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Terahertz wireless could replace fibre-optic links

A terahertz (THz) integrated-circuit-based transmitter has been developed by Hiroshima University, the National Institute of Information and Communications Technology, and Panasonic. It is capable of transmitting digital data at a rate exceeding 100Gbit/s using the 300GHz band – which is said to be 10 times faster than 5G.

“We usually talk about wireless data rates in megabits per second or gigabits per second. But we are now approaching terabits per second using a simple single communication channel," said Professor Minoru Fujishima at Hiroshima University.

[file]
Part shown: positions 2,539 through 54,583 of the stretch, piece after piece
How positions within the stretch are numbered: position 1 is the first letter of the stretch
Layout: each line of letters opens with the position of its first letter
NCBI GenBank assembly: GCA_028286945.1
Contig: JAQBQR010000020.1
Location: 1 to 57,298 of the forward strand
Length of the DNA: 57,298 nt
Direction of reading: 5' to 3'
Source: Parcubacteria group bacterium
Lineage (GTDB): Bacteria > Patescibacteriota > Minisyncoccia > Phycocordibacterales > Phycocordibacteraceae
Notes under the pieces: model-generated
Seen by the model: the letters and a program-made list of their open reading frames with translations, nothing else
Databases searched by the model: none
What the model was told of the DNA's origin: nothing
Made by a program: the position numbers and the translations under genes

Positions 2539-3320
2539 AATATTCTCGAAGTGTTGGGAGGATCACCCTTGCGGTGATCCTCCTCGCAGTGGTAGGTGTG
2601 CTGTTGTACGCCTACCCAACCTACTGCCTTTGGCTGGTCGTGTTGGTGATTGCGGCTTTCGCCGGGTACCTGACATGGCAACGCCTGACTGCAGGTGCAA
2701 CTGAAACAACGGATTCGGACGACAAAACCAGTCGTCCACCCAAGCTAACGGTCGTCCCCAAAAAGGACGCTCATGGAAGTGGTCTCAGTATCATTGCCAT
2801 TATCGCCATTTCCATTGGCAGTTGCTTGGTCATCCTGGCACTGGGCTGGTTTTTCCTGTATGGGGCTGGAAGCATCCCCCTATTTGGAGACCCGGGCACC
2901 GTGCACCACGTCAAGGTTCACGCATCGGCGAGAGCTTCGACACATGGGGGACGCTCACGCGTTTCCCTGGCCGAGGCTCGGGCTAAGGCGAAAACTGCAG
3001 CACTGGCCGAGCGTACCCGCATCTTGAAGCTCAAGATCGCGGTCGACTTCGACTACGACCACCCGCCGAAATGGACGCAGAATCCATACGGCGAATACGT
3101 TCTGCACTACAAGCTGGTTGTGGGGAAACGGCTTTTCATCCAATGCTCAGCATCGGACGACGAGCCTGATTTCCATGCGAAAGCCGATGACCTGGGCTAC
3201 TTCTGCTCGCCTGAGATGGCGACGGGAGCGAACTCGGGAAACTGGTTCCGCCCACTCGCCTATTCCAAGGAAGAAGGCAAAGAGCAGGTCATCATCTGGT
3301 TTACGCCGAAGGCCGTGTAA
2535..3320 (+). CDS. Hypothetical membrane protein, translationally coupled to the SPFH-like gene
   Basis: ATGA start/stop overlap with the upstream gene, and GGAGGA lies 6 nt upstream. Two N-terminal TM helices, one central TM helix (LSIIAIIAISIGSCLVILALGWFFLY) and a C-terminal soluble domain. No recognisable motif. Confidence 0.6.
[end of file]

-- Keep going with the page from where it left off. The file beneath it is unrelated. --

According to Prof Fujishima, THz could offer ultrahigh speed links to satellites, which could significantly boost in-flight network connection speeds. Other possible applications include fast download from contents servers to mobile devices and ultrafast wireless links between base stations.

“Another, completely new possibility offered by THz wireless is high data rate minimum-latency communications. Optical fibres are made of glass and the speed of light slows down in fibres. That makes fibre optics inadequate for applications requiring real time responses,” he added.

“Today, you must make a choice between ‘high data rate’ and ‘minimum latency’. You can’t have them both. But with THz wireless, we could have light speed minimum-latency links supporting fibre-optic data rates.”

Peggy Lee

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